Robert Estrin - piano expert

How to Relax While Playing Your Musical Instrument

Discover the benefits of relaxing while playing

In this video, Robert talks about the importance of relaxing while practicing and performing.

Released on April 29, 2015

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DISCLAIMER: The views and the opinions expressed in this video are those of the author and do not necessarily reflect the views of Virtual Sheet Music and its employees.

Video Transcription

Welcome to and I am Robert Estrin with a very important subject today, "How to relax while playing your musical instrument." This is a very important subject for a myriad of reasons. First of all, if you're relaxed you can technically play better. More than that you'll get a more beautiful sound in your instrument but there's another thing that's equally important or perhaps even more important which is, over time you will be able to play longer without injury because if you play with tension over time you can do damage. So this is a very important subject.

Now this translates to all instruments. Now we're going to cover this in two aspects. One aspect is if you have enough strength, you can play in a more relaxed manner. Think about it if you're struggling to play with weak fingers on the piano or you don't have much embouchure on a wind instrument, you're going to be pushing just to get any sound out and of course you can't play relaxed if you don't have the strength to play your instrument. So one of the things is just spending enough time playing your instrument and practicing to develop the strength where you can play in a relaxed manner.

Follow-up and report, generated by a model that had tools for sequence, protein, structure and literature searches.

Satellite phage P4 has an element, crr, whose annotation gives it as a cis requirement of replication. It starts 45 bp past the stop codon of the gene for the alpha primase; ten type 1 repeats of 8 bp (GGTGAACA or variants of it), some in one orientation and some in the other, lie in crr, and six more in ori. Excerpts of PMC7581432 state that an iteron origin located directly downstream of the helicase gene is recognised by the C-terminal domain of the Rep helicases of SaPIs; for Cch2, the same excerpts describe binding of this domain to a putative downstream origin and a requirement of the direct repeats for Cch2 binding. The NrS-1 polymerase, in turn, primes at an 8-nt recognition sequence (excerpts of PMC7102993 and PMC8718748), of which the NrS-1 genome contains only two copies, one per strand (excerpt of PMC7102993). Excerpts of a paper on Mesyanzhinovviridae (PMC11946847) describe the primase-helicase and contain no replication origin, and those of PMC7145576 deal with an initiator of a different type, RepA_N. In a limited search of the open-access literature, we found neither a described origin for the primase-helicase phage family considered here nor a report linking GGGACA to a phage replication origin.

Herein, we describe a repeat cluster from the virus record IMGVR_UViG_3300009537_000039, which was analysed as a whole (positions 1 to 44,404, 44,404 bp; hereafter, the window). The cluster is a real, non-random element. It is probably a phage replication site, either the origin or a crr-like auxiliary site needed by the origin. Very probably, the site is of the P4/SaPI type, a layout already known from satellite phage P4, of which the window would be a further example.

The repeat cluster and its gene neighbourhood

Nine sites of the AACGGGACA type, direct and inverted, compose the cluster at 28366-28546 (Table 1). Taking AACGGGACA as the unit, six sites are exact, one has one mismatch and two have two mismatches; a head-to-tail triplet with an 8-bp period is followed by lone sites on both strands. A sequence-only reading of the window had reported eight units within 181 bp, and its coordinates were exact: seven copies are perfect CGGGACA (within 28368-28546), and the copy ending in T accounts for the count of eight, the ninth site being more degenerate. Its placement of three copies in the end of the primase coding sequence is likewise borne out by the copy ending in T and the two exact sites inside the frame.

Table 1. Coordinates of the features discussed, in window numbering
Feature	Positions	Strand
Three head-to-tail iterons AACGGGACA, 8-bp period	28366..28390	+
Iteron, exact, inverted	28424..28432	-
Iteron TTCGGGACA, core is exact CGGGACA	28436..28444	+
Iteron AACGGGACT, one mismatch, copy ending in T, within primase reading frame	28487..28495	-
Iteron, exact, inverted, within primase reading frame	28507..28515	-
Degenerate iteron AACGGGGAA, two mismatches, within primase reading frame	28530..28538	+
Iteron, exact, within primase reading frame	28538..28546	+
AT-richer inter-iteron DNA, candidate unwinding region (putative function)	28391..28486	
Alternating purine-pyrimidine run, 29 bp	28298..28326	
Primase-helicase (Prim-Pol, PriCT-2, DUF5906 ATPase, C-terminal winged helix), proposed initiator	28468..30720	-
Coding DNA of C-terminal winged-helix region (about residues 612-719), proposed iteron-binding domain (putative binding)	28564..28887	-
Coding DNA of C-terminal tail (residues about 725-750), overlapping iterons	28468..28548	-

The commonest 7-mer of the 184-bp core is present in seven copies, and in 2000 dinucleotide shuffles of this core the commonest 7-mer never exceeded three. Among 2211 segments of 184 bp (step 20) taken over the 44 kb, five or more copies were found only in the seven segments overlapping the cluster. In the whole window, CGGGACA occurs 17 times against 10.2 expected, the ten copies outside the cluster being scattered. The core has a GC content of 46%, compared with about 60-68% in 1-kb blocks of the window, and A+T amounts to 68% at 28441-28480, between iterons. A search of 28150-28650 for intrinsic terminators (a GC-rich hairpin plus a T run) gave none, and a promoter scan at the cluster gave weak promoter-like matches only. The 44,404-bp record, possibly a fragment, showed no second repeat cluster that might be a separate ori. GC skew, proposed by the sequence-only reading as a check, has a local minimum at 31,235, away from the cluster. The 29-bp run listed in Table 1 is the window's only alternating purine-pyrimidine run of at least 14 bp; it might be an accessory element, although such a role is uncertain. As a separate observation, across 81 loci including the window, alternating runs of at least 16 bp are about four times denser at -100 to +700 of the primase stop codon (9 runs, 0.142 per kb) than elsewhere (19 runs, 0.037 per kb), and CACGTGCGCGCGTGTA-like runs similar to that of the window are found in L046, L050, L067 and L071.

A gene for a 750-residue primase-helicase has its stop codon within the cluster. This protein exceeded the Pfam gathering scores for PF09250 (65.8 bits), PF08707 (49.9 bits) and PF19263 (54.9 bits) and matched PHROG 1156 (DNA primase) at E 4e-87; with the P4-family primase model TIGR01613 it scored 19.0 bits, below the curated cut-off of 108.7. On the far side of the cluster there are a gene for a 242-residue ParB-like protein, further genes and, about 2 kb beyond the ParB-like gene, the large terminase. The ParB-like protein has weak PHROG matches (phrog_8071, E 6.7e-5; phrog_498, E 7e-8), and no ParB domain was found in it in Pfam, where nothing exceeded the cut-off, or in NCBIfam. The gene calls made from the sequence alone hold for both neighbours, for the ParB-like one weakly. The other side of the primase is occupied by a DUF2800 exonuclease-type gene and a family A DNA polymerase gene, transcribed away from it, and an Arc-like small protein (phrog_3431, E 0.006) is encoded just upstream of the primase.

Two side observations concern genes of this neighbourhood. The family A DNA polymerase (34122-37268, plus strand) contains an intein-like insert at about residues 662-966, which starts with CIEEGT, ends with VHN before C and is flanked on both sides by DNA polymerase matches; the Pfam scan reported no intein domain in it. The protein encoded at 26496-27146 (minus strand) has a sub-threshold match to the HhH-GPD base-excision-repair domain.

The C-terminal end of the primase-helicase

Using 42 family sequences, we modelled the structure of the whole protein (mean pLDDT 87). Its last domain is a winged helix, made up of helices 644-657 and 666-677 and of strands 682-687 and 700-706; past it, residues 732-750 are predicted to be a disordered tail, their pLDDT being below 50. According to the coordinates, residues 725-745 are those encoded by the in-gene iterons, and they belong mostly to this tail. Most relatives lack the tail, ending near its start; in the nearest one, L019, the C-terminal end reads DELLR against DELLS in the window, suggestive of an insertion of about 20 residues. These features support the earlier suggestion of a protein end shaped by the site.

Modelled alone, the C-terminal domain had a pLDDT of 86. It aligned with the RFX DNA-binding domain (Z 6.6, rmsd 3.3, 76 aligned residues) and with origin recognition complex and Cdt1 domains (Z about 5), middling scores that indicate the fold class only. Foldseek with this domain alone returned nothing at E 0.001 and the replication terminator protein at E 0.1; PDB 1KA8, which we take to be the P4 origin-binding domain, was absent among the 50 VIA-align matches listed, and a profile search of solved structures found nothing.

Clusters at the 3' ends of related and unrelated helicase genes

Now we're going to get to the other part. In the other part it's preparation, there's two components. The preparation you have when you first sit down or standing, if you're a singer or other instrumentalists standing, you want make sure consciously that your shoulders are relaxed and your neck. That you completely go limp. Take a nice deep breath and feel that relaxation go through you. This is vital in a public performance when you're maybe nervous because it's so easy to succumb to the tension of the moment unless you consciously make an effort to relax. Not only that, I've discussed this before, you must prepare in advance for that moment when you think about relaxing consciously at the moment of performance.

So these are some techniques. Now, what about when you're playing whether it's in a performance or even in your practice? You must take every opportunity within the music to consciously relax. That's right. On a wind instrument for example, before a big phrase let all the air out comfortably and then take all the time you need to take the breath. You don't take a quick breath as you do in the middle of a phrase. Take that opportunity to take the air in when you have the time. So then you can play the whole phrase and then the subsequent breaths even if they're short at least you start with a full breath.